Army aviators have been reading Flightfax— the U.S. Army’s online newsletter for “aircraft mishap prevention information” — since the Vietnam War. The magazine, which is published by the Army Safety Center in Fort Rucker, Alabama, has evolved through the years and even halted production from 2007 until 2011. It offers the entire Army aviation community candid, transparent feedback following fixed- and rotary-wing mishaps. It also contains some seriously cheesy jokes.
There’s something surreal about finding Jack Handey-style humor in a magazine focused on aviation safety, especially as the most recent issue addresses a 10-day streak during which eight air crew members died in three separate accidents, prompting a nationwide safety stand down.
The one-liners are inserted on pages randomly, without any context, and may have gone unnoticed for so long because Flightfax’ readership dwindled to just over 1,500 subscribers of as the summer 2015 edition — a fraction of the readership of most military blogs.
In an email to Task & Purpose, Michael J. Negard, the director of communication and public affairs for U.S. Army Combat Readiness, said they have discontinued the use of jokes in Flightfax, “[i]n an attempt to apply stricter editorial guidelines to ensure all content is aligned to its core purpose of preventing accidental loss.”
That said, we pulled pages from Flightfax below to highlight some of our favorite jokes hidden within the magazine’s pages.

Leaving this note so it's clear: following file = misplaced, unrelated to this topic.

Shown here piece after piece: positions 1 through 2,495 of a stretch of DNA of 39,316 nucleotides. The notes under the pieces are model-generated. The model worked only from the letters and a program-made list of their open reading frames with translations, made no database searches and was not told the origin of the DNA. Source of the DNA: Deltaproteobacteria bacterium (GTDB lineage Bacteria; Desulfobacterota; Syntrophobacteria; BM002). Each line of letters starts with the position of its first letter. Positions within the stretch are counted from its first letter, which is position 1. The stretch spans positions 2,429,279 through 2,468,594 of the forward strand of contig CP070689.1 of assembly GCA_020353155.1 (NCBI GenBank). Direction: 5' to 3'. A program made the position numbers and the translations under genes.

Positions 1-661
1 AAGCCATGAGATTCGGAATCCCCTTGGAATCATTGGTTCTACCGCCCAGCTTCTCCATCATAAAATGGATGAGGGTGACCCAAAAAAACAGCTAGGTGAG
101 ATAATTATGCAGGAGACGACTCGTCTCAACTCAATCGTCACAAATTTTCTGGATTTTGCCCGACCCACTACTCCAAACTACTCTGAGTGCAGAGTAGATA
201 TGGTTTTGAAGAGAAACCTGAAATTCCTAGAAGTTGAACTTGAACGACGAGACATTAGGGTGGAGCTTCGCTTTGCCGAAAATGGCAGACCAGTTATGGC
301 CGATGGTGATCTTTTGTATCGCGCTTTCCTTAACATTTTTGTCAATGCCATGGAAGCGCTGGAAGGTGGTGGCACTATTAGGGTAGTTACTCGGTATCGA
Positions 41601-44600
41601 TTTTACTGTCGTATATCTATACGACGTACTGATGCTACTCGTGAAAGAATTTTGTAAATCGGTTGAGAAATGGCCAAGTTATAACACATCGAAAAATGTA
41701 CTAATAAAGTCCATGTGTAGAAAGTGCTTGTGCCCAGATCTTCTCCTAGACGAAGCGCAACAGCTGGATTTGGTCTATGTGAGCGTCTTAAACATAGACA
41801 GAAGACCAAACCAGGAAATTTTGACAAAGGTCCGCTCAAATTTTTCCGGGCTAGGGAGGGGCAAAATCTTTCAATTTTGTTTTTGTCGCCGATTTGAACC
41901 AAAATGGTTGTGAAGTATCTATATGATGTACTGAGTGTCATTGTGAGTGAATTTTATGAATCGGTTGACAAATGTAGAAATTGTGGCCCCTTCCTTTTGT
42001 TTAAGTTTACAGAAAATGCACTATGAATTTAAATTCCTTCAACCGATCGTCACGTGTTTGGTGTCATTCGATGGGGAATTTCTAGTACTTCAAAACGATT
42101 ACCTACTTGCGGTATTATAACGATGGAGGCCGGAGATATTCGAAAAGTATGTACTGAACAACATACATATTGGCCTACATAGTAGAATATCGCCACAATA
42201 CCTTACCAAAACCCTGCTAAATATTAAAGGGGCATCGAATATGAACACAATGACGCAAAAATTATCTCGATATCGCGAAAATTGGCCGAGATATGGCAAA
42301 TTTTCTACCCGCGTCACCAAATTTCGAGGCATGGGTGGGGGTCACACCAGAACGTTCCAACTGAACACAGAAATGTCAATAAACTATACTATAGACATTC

From the latest issue: Number 51, September - December 2015
From Issue Number 50, June - August 2015
From Issue Number 46, February 2015
From Issue Number 45, January 2015
From Issue Number 43, November 2014
UPDATE: This article was updated to incorporate a statement from the director of communication and public affairs for U.S. Army Combat Readiness. (1/25/2016; 2:47 pm)
(From left to right) Chris Osman, Chris McKinley, Kent Kroeker, and Talon Burton
At least four American veterans were among a group of eight men arrested by police in Haiti earlier this week for driving without license plates and possessing an arsenal of weaponry and tactical gear.
Police in Port-au-Prince arrested five Americans, two Serbians, and one Haitian man at a police checkpoint on Sunday, according to The Miami-Herald. The men told police they were on a "government mission" but did not specify for which government, according to The Herald.
They also told police that "their boss was going to call their boss," implying that someone high in Haiti's government would vouch for them and secure their release, Herald reporter Jacqueline Charles told NPR.
What they were actually doing or who they were potentially working for remains unclear. A State Department spokesperson told Task & Purpose they were aware that Haitian police arrested a "group of individuals, including some U.S. citizens," but declined to answer whether the men were employed by or operating under contract with the U.S. government.
A photo shared by Hoda Muthana on her now-closed @ZumarulJannaTwitter account. (Twitter/ZumarulJannah)
The State Department announced Wednesday that notorious ISIS bride Hoda Muthana, a U.S.-born woman who left Alabama to join ISIS but began begging to return to the U.S. after recently deserting the terror group, is not a U.S. citizen and will not be allowed to return home.
A top Senate Republican and fierce ally of President Donald Trump reportedly exploded at Acting Defense Secretary Patrick Shanahan recently about the U.S. military's plans to withdraw all troops from Syria by the end of April.
"That's the dumbest f******g idea I've ever heard," Sen. Lindsey Graham (R-S.C.) reportedly replied when Shanahan confirmed the Trump administration still plans to complete the Syria withdrawal by April 30.
Later, Graham told Shanahan, "I am now your adversary, not your friend."